And finally, we circle back to peoples’ choices and the never-ending cycle of culture change. When students return to class excited about such concepts and flush with stories of their critical reflections on course content, when they can’t stop thinking about our class outside the classroom, I know our academic work is shaping how they experience our world.
Ultimately, this is my goal; for all students to feel their experiences are part of the curriculum and to become personally engaged in the course material and excited about anthropology!
Katie Nelson, PhD
Minnesota State Board of Trustees 2022 Educator of the Year
Inver Hills Community College
¹ I acknowledge that the term pedagogy is imperfect, as it technically refers to the education of children. Andragogy refers to the education of adults, however it is a gendered term (education of men in Greek). Because of this, I continue to use pedagogy (begrudgingly).
Katie Nelson, PhD • Q & A
Which of the four main branches of anthropology—biological, cultural, linguistic, or archaeological—interests you the most and why?
All of them! I am primarily a cultural anthropologist, but consider myself to be a generalist. Human biological evolution is probably the area that interests me the most, outside of cultural anthropology.
What unsolved mystery of anthropology do you consider most worth exploring?
Why other human species died out and only Homo Sapiens survived.
Why is anthropology one of the best resources for sorting out humankind’s most troubling problems?
Anthropology provides a holistic view on humanity. We believe that one cannot get a full picture of what it is to be human by looking at only one dimension of human life. It all must be examined and in context with our environment.
Anthropology offers the tools to understand why people are different, how we are similar and how we can understand each other. Anthropologists are able to see problems from internal and external views and in all of their dimensions. This allows for solutions that are durable, culturally appropriate, and complete.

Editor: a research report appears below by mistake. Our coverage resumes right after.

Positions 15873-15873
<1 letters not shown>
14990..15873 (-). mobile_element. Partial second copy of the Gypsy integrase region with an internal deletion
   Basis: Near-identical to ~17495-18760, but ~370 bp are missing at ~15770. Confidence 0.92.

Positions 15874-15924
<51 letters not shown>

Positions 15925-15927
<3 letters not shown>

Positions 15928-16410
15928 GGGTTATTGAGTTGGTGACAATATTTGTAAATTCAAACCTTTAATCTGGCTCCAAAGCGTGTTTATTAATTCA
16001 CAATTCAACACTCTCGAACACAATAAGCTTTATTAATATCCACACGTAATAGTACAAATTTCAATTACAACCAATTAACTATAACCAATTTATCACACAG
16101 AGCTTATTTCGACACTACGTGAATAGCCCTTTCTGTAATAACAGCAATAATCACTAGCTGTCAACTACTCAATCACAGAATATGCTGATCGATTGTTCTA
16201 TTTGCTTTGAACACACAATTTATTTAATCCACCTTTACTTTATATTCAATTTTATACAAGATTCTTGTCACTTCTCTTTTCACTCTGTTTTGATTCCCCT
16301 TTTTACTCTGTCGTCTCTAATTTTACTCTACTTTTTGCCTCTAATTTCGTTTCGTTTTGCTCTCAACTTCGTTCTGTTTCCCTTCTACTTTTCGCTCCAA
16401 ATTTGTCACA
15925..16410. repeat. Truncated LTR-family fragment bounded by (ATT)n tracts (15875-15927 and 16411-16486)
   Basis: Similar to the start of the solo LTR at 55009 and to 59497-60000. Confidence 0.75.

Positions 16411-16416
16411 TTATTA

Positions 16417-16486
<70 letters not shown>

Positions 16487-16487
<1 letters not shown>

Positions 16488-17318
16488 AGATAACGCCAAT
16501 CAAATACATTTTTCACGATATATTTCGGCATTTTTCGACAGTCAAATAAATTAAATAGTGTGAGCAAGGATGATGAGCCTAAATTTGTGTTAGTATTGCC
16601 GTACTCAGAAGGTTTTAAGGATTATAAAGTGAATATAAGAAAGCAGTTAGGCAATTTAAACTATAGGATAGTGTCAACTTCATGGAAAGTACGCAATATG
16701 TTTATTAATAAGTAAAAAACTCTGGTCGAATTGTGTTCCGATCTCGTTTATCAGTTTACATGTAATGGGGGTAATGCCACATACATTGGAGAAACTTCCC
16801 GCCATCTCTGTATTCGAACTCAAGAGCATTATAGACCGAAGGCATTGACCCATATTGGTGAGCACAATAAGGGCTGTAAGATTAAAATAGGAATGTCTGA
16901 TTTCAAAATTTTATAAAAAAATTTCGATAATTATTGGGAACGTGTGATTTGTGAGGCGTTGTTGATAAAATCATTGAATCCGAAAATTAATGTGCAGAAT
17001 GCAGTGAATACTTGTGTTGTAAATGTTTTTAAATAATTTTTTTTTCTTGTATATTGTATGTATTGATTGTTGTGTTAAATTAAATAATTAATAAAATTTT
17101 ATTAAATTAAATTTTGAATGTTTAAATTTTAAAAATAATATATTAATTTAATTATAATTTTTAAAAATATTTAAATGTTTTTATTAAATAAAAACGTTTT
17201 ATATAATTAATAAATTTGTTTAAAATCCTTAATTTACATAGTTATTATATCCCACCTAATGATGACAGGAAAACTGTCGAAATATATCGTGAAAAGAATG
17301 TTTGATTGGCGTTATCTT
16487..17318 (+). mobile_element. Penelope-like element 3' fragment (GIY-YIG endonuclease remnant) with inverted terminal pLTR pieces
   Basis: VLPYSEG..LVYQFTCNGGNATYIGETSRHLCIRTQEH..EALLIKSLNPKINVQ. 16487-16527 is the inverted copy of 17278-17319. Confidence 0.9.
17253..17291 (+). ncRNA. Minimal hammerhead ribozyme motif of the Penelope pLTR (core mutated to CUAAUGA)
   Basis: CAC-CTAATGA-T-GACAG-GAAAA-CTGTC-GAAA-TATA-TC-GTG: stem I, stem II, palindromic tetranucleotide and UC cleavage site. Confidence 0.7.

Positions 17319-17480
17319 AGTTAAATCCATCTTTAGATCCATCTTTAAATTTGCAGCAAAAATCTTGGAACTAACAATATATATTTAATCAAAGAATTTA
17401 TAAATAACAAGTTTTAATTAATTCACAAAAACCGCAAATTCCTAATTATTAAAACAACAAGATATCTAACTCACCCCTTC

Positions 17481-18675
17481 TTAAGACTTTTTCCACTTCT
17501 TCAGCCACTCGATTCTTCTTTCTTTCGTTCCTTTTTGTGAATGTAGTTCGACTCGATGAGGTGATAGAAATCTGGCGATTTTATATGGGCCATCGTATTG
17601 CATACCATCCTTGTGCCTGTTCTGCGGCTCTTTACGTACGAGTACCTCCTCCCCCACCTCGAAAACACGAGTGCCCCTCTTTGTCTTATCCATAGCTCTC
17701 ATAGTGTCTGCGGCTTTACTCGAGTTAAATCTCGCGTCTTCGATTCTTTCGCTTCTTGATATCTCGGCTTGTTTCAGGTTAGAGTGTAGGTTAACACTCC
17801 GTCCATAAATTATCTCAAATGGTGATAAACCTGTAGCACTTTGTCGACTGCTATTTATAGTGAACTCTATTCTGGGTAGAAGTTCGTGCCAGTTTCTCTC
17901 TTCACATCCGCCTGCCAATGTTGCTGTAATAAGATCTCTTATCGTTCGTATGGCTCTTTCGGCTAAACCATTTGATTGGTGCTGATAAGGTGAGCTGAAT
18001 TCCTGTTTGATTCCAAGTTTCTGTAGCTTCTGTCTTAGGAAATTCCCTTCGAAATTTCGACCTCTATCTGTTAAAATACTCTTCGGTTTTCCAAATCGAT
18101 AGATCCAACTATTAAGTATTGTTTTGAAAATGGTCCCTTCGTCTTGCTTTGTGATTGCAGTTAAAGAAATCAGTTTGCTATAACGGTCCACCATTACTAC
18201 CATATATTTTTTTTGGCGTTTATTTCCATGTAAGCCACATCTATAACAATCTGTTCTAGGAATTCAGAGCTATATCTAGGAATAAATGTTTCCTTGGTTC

Katie Nelson, PhD • Nine Answers
- Place you would most like to visit: Countries in Africa including Senegal, Namibia, Mali, the Sudan and Kenya…OK, actually I want to visit all of Africa!
- The most exciting thing you’ve ever done: Lived with an emerging indigenous tribe in Northwestern Brazil. I also studied anthropology in Mexico in Spanish!
- What you would do if you won a $1 billion lottery: This is something I dream about a lot. I would establish an institute that helps democratize anthropological education globally, and that freely shares anthropological research and knowledge without financial or political barriers.
- Best book you’ve read lately: Why Are There Still Creationists? by biological anthropologist, Jon Marks. The book makes a persuasive argument that science can be just as dogmatic as religion. A fiction book I recently read was Tender is the Flesh by Agustina Bazterrica. It was absolutely horrifying yet I could not put it down.
- Time period you would explore if you could time travel: 1) What a great question! Believe it or not, I think about this question often. I love transition and change and am intrigued by how humans navigate these moments. To this end, my first choice would be the 1920s U.S. I love this period because it was fascinating time when modern values and orientations were just being worked out.
2) Another time period I’d love to be able to visit would be approximately 1.5 million years ago in East Africa at the dawn of human evolution. What did early human ancestors look like in the flesh? How did they move? How did they collaborate and form social communities?
3) Finally, I would love to visit the Middle East around 10,000 years ago when humans were just beginning to develop agriculture. I am interested in gender roles and political organization during this transitional time. These are things that are very challenging to interpret from the archaeological record.